monarch1Many people think only of allergies when they hear the word pollen. But pollination — the transfer of pollen grains to fertilize the seed-producing ovaries of flowers — is an essential part of a healthy ecosystem. Pollinators play a significant role in the production of over 150 food crops in the United States — among them apples, alfalfa, almonds, blueberries, cranberries, kiwis, melons, pears, plums, and squash.

Bees, both managed honey bees and native bees, are the primary pollinators. However, more than 100,000 invertebrate species, including bees, moths, butterflies, beetles, and flies, serve as pollinators — as well as 1,035 species of vertebrates, including birds, mammals, and reptiles. In the United States, the annual benefit of managed honey bees to consumers is estimated at $14.6 billion. The services provided by native pollinators further contribute to the productivity of crops as well as to the survival and reproduction of many native plants.

However, long-term population trends for some North American pollinators are “demonstrably downward,” says a new report from the National Research Council1.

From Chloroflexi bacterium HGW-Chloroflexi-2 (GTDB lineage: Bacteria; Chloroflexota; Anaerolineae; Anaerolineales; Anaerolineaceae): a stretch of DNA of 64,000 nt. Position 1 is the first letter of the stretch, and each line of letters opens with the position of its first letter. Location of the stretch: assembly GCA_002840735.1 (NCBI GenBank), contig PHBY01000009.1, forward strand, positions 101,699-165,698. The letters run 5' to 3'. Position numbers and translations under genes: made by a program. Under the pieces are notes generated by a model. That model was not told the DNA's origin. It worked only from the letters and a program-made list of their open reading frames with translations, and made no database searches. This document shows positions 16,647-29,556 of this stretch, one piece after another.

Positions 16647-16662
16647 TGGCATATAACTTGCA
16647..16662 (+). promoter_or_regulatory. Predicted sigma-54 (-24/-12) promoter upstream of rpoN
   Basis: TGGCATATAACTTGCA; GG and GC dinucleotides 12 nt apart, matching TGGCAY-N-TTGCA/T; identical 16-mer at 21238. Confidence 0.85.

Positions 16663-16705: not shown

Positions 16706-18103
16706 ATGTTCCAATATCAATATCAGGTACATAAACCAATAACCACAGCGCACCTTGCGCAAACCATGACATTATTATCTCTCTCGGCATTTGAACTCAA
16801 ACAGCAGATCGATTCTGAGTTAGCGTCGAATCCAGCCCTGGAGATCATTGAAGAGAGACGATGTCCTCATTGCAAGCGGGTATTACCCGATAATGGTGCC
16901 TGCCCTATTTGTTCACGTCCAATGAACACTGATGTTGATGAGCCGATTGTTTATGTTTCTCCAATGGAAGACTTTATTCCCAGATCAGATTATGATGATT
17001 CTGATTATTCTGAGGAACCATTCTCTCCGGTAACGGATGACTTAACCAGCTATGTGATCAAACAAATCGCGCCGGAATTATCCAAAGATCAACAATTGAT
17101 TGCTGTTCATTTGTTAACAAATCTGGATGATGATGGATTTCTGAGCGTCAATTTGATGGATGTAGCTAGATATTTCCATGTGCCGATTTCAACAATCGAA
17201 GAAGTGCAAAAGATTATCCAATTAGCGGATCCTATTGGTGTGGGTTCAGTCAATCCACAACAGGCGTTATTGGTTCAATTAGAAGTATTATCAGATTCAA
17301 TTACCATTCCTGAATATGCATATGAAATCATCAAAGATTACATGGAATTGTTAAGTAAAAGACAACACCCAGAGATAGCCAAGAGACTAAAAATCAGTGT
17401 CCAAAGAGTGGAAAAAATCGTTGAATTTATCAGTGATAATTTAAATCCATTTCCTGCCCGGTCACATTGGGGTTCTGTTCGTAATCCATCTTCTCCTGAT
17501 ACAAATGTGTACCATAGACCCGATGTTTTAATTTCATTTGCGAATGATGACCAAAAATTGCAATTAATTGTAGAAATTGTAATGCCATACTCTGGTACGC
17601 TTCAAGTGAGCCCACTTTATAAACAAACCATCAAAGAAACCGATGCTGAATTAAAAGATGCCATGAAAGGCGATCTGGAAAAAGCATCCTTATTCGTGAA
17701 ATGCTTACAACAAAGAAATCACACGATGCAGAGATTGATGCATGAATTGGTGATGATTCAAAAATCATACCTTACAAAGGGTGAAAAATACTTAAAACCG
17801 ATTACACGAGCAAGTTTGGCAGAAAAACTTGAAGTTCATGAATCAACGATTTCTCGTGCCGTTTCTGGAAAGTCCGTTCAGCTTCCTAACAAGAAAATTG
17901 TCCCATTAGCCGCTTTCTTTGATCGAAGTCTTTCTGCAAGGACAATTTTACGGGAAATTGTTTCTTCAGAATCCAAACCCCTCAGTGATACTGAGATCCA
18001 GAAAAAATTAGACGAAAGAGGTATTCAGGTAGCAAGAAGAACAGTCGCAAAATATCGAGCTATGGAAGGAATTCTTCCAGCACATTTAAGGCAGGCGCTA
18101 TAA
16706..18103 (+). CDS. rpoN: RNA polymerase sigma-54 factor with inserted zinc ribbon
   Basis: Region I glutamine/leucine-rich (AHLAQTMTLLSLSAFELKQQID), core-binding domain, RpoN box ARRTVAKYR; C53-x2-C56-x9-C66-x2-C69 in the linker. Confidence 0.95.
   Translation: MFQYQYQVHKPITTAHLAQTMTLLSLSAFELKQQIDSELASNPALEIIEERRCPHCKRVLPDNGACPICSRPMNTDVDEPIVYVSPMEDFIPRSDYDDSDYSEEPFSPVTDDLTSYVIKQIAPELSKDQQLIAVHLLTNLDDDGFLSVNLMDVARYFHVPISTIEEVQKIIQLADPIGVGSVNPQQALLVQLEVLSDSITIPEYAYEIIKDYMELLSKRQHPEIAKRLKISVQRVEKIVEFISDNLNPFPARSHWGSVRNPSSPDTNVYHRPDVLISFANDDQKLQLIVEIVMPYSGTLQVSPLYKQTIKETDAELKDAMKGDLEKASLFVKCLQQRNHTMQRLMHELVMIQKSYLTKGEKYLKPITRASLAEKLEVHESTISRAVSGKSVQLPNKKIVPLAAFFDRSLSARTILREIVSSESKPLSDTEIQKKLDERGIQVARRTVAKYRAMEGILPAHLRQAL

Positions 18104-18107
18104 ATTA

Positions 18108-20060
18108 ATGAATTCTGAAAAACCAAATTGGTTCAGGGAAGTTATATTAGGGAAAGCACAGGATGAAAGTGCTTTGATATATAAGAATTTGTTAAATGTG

Observable decreases in wild populations of bees, butterflies, and moths are of great concern to producers of fruits, vegetables, nuts, alfalfa, and flowers. These crops depend on wild and domestic pollinators. Growers in California, Florida, Arizona, Utah, Washington, and Hawaii are especially concerned. More important is the disturbing notion of an imbalance in the natural ecosystem and biodiversity on which all food production depends. Habitat loss for pollinators by human activity poses an immediate and frequently irreversible threat. Other factors responsible for population decreases include invasive plant species, broad-spectrum pesticide use, disease, and weather.

For the most part, the general public is unaware of the decrease in pollinator populations and the implications this has for agricultural production. The Nature’s Partners: Pollinators, Plants, and You curriculum is designed to educate young people about

  • pollinators and the important role they play in providing many of the foods we eat and the plant fiber used in our clothing and household goods, and
  • ways they can help pollinators survive and flourish by protecting and creating pollinator-friendly habitat.

The Nature’s Partners curriculum is just one step toward increasing the public’s awareness and sense of responsibility that are essential to a successful conservation program for pollinators.

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